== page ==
Genetic counseling is a process to evaluate and understand a family's risk of an inherited medical condition.
Genetic counseling before conception and during pregnancy involves studying your family's medical history, making you aware of how genetic conditions are inherited, and providing counseling and support information to help you tackle the situation if the need arises.
Prenatal genetic counseling has been gaining popularity amongst couples who wish to gain insights and get screened for genetic disorders during pregnancy or even before conceiving.
Why consult a genetic counselor?
A genetic counselor is a professional with advanced knowledge in the fields of genetics and counseling.
Those who are pregnant or are planning to conceive can consult a genetic counselor to learn more about the possible congenital disabilities (abnormalities present from birth) that the newborn may have, considering the family medical history and other relevant factors.
The counselor will help you with information on the condition in-depth, the risk factors involved with it, and the available options regarding screening and testing. In some cases, counselors also suggest alternate treatment routes such as assisted reproduction techniques like PGT (Pre-implantation Genetic Testing) and egg or sperm donation, if necessary, and even termination of pregnancy where the condition is lethal or not compatible with life.
Some common genetic disorders that a genetic counselor will help make you aware of are:
Neural tube defects
Fragile X syndrome
Certain forms of cancer, heart defects, metabolic conditions, and epilepsy are also considered to be inherited.
Genetic tests are performed on amniotic fluid and chorionic villus tissue as part of prenatal testing to help detect any such risk factors.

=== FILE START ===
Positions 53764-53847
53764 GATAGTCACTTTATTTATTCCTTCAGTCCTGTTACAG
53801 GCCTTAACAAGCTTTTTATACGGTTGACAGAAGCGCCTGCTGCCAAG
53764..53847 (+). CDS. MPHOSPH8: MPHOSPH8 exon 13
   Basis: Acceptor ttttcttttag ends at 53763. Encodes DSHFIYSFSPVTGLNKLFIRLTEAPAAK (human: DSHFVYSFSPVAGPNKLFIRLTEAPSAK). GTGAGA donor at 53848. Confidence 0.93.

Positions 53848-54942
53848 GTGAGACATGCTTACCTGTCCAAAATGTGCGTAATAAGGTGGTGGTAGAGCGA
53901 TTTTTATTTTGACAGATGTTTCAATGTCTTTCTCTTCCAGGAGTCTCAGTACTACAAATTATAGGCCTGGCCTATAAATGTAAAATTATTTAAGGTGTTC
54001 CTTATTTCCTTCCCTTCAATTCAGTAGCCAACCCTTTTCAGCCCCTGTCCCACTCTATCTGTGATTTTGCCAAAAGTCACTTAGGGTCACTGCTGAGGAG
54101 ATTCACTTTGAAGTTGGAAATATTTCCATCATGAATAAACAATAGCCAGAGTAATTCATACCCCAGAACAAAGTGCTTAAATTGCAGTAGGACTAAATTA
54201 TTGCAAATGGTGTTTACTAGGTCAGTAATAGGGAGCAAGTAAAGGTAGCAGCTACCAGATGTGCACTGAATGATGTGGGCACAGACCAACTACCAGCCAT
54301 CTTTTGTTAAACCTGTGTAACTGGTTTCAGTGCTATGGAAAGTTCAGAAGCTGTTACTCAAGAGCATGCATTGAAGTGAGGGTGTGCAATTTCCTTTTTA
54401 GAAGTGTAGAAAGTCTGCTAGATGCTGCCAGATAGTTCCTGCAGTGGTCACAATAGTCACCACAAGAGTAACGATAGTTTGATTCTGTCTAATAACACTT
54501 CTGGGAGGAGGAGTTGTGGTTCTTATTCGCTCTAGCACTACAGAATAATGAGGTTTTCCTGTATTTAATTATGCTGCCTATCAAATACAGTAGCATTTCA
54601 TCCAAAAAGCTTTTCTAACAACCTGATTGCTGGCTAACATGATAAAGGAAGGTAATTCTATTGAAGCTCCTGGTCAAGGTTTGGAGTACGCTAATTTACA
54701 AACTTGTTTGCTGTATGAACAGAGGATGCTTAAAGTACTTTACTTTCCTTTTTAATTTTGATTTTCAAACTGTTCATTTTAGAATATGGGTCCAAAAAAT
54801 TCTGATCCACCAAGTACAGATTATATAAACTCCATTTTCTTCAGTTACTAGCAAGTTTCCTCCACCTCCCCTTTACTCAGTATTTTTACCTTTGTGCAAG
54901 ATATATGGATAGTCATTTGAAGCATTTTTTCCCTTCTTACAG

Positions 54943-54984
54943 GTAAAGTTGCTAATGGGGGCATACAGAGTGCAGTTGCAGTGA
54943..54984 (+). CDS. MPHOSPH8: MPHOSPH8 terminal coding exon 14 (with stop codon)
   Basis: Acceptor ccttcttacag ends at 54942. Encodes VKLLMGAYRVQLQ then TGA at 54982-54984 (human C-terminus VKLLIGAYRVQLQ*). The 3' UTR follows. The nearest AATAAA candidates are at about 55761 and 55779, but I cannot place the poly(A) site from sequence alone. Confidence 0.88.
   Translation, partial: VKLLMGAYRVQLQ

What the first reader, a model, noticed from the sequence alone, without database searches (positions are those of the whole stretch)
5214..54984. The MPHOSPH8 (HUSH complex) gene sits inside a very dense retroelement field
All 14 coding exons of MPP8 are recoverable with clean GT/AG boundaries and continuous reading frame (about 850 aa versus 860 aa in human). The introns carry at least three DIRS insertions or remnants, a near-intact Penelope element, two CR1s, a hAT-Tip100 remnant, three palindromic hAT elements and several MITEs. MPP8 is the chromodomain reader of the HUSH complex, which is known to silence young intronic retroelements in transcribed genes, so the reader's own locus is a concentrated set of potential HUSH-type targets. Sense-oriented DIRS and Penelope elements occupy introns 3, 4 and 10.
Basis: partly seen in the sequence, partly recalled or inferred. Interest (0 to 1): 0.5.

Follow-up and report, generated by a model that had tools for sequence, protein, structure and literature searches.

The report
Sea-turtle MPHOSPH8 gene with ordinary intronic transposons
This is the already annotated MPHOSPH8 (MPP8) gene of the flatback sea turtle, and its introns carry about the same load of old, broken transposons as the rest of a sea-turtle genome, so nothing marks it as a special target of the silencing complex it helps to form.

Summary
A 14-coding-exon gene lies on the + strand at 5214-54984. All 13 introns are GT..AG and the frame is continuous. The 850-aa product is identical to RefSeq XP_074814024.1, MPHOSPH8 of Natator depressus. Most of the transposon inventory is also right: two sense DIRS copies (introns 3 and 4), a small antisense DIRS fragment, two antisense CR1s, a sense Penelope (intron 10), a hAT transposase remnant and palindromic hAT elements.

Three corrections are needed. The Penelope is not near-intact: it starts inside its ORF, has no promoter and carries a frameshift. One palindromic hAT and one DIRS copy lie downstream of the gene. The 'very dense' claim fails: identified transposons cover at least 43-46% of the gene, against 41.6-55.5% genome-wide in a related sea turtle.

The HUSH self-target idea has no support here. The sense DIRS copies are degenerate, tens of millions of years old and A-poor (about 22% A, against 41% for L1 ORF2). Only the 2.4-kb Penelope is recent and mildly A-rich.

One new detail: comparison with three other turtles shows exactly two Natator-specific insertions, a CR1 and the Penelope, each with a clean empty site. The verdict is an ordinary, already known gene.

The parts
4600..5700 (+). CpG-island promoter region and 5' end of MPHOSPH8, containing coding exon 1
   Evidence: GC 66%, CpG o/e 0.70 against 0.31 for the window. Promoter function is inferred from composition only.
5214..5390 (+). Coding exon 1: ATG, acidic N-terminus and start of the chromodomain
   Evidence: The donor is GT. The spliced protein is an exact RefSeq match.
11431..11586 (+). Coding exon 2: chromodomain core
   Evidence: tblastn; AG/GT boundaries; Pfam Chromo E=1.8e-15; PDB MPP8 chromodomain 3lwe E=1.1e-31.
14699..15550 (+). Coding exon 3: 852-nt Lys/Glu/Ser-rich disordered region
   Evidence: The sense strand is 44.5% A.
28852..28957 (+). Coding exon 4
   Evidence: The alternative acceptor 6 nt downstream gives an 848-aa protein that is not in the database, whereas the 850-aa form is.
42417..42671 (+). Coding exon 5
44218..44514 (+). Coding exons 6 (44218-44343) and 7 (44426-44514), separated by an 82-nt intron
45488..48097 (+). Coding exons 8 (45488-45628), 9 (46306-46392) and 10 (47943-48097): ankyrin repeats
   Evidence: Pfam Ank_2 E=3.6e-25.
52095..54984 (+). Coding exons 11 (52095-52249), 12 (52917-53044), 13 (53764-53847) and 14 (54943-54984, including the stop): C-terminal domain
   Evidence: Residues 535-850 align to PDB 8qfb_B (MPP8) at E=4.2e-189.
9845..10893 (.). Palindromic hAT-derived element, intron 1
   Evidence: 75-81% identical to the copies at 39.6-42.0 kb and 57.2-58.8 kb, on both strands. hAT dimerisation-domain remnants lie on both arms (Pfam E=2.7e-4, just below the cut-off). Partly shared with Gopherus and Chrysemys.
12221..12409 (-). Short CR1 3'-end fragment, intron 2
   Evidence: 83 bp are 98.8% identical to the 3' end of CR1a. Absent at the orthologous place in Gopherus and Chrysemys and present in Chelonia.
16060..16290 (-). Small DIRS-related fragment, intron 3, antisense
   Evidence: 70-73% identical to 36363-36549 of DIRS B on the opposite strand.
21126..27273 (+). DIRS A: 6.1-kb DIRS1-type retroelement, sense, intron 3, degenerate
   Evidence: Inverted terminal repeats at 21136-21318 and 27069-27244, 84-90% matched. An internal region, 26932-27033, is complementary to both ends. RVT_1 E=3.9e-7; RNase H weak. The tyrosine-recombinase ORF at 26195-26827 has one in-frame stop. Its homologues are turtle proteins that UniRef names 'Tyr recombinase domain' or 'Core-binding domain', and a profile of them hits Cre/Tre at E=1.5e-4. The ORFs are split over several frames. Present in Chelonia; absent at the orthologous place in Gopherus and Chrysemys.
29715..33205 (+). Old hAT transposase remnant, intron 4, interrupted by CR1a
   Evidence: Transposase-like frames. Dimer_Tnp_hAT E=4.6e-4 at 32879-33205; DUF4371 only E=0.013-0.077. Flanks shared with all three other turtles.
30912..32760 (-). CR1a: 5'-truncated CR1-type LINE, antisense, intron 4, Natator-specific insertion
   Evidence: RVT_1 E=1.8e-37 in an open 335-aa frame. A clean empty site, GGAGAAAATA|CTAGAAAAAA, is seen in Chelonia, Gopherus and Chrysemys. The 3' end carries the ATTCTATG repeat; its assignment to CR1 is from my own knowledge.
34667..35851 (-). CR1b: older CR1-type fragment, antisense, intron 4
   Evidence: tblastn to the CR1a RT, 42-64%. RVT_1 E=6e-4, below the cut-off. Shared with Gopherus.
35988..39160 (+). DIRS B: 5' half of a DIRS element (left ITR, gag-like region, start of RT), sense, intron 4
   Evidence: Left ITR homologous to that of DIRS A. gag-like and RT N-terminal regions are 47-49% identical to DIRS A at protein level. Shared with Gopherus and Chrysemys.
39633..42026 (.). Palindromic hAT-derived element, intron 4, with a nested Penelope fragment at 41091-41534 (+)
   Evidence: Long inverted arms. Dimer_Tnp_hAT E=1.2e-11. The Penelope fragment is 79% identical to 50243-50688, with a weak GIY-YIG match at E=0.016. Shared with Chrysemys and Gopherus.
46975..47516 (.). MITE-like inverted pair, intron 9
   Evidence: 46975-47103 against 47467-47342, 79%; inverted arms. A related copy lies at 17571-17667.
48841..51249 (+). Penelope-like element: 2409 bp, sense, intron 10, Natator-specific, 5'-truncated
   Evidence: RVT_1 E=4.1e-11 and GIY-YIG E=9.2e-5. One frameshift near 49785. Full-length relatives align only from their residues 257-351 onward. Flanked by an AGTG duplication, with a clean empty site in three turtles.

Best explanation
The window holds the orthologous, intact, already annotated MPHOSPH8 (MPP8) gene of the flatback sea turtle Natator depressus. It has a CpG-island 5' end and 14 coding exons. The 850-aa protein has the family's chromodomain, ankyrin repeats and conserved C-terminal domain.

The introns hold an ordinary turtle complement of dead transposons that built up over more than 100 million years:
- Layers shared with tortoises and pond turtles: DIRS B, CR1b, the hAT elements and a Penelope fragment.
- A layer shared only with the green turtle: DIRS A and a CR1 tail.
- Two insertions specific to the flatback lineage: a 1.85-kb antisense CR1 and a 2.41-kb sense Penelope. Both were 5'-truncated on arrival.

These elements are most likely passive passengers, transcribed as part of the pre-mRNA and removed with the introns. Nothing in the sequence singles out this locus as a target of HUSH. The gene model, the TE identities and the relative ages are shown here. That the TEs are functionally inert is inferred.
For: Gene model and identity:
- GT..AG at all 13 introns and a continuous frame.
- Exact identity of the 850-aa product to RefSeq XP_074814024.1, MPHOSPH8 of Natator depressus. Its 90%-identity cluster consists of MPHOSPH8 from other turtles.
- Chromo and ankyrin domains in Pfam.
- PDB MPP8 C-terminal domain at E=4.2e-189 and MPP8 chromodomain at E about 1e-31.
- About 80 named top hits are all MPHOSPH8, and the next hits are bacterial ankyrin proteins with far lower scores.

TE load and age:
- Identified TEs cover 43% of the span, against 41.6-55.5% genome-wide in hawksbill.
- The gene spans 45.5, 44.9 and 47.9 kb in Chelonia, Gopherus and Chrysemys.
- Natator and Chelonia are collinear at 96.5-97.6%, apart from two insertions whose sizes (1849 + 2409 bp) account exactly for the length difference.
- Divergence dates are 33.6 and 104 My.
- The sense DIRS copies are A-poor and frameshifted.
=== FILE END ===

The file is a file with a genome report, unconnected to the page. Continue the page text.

How does genetic counseling help?
Genetic disorders occur due to alterations in one’s genes leading to variant/altered genes. Such a condition may be either denovo (not inherited) or inherited, either from one (Dominant or affected) or both (Recessive or carrier) parents.
People who have a history of genetic disorders in the family or have one themselves are usually hesitant to conceive for fear of passing on the disease to their children.
Genetic counseling can help determine whether your child is at risk of being born with a genetic problem and help you prepare for the birth of a child with special needs.
You may opt for genetic counseling during pregnancy or before conception.
Genetic conditions like Down's Syndrome, sickle cell disease, cystic fibrosis, cleft palate, and heart defects can all be identified during the early stages of pregnancy. With early detection, the chances of exploring possible treatment options and creating strategies for therapy become brighter.
Besides, determining risks involved with pregnancy, genetic counseling can also help assess one's own health risks.
Specific genetic tests may help determine if the mother is at an increased risk of heart diseases or certain cancer types.
Some reasons to enroll for genetic counseling before or during pregnancy are given below:
You are above 35 years of age and are considering getting pregnant.
You, your partner, or a blood relative have an inherited disease.
Your prenatal test results (blood/ultrasound) are abnormal.
You have a child with a genetic, chromosomal, or metabolic disorder, congenital anomaly, mental disability, hemoglobinopathy.
You have suffered two or more miscarriages or have lost a child.
Visiting a gynecologist before or during pregnancy is the most common route to take. However, for more advanced consultation and clarification of doubts, you may also consult a genetic counselor.
Special Thanks to Dr. Pragya Mishra Choudhary (MRCOG, Ph.D., DFFP, FRCOG, FICOG, Diploma in Gynae Endoscopy, Consultant Infertility & Fetal Medicine Specialist) for the expert advice.